About Buju Banton
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About Buju Banton

“Reggae music’s mission is to uplift, educate and eradicate negativity from the minds of the people globally. I won’t let that change.”

There is no debate: Buju Banton is the world’s greatest reggae artist to occupy planet earth. The man born out of the Salt Lane slums of Kingston as Mark Anthony Myrie is a dancehall icon, Grammy winner, revolutionary, teacher, as well as breaker of records set by the honorable Bob Marley and mental chains worn by the misinformed.

For over thirty years, the author of Caribbean classics like “Champion” and “Love Me Brownin” has collaborated with fellow legends from Beres Hammond to Pharrell Williams to the late Heavy D and served food in the form of eleven studio albums which share the same vertebrae: Love is both the standard and solution. For this very reason, Buju is deploying his latest and twelfth studio album Born For Greatness to lead a renaissance of Roots Rock Reggae, the Ethiopia to Jamaica protest music planted in humanity, love and spirituality. With today’s dancehall scene primarily relegated to young street life, whom better to return the world to the musical essence of gold, green and black?

The bar is immediately raised on the lead single “High Life” on which Buju, his production co-pilot Jermaine “J’ August” Reid and California King Snoop craft a sticky, yet educational ode to music lover’s favorite herb. Awareness continues on the follow up “Coconut Water,” a metaphoric cautionary track with enough bump to keep rude bwoy knees and Red Stripes raised high.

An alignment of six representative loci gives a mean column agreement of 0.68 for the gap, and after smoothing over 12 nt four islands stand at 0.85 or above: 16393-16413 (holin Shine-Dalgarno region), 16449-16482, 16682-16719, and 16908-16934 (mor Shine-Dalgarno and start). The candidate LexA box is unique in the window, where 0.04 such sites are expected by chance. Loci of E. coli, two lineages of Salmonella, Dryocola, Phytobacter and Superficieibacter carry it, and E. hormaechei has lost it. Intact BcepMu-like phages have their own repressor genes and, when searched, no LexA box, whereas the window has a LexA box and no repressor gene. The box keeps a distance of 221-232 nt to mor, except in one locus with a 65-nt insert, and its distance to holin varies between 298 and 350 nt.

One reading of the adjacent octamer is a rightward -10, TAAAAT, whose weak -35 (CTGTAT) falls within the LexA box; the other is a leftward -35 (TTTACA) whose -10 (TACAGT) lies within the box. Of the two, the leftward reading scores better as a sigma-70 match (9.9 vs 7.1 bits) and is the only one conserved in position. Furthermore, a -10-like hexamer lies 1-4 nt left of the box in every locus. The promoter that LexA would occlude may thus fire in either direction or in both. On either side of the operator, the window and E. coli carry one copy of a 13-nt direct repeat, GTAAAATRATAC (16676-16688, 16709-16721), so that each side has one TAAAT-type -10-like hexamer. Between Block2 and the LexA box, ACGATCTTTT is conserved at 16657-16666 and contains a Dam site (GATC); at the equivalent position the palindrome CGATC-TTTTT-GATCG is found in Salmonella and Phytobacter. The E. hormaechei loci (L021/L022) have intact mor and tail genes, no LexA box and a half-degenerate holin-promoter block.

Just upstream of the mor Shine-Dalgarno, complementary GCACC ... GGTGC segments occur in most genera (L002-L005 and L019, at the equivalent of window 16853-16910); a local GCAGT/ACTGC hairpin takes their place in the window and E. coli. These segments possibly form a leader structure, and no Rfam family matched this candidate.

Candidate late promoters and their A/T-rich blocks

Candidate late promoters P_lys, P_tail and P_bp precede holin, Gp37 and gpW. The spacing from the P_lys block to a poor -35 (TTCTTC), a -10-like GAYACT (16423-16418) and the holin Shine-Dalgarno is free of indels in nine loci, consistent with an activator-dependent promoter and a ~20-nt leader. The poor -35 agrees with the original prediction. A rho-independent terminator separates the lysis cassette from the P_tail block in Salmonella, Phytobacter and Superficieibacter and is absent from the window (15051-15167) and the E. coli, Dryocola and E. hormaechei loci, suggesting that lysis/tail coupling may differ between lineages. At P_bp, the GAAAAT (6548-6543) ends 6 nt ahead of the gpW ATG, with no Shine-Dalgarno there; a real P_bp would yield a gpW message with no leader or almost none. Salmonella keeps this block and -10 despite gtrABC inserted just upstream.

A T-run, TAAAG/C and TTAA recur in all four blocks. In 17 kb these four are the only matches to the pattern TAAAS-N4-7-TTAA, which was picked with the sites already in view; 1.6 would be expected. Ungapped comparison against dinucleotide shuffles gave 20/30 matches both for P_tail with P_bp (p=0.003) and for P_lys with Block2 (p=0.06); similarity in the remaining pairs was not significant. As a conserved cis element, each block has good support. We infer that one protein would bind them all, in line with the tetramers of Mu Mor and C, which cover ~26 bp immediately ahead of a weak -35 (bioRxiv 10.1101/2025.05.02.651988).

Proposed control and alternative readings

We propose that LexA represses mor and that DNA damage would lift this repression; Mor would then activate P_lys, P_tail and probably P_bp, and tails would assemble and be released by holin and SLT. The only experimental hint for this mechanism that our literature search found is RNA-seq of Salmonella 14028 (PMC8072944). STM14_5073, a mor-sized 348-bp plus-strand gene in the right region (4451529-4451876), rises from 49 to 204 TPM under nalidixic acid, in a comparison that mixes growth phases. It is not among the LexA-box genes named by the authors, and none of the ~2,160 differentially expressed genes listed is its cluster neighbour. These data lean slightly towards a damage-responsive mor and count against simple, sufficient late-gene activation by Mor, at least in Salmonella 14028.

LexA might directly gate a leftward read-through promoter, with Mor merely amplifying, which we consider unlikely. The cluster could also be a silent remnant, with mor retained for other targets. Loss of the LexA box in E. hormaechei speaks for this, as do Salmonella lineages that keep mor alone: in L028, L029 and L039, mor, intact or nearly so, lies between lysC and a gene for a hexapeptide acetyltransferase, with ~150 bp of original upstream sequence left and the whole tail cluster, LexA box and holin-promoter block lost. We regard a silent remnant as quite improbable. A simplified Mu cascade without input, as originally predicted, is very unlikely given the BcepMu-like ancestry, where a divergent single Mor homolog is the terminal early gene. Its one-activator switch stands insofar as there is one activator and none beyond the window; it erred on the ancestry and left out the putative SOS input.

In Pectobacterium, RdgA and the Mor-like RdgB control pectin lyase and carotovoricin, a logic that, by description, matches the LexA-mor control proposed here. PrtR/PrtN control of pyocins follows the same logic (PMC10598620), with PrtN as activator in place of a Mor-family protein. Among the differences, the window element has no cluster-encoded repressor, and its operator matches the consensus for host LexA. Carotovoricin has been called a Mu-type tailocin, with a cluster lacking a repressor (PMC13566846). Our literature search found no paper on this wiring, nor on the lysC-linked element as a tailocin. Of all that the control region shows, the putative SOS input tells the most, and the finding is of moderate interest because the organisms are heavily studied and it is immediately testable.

Like the Roots Rock Reggae of yesteryear, the agenda of Born For Greatness rarely deviates from equality and love. The latter––especially when powered by Buju’s beautiful concoction of what he calls “R & Reggae” ––is serious grown folk business. The infectiousness of Stephen Marley’s breezy production and hook on “Feel A Way” helps Buju’s words of affirmation return chivalry to the dance floor. Preciously vulnerable tunes such as “Nuff Love For You” and the marching “Walked Out” preach that while our favorite four letter word is the answer, it is both complicated and always worth the fight. Moreover, women are worth fighting for because they are our heart’s greatest teacher. It’s within “Body To Body,” where new songbird Victoria Monet allows Buju to land the lesson that a man must take his time with a woman, if she is to give him forever.

Lord Banton punctuates that raising vibrations, empathy, and healthier families around the world can’t be accomplished without learning, unlearning and prayer. On the Dean Mundy-produced “Let My People Go,” he pleads for the freedom of those shackled by ignorance and geopolitical wars before imploring descendants of Africa to remember how much their ancestors sacrificed on “Trial By Fire.” Over some major keys provided by DJ Khaled and Street Runner and some lyrical assistance from Wyclef Jean and Jerry Wonder, Buju blesses “We Find A Way” and the oppressed with strength and optimism in the form of poetic jewelry: “Fear not the darkness/ Nor the deeds of the heartless/Morning always comes despite/what has come through the night.”

Buju Banton
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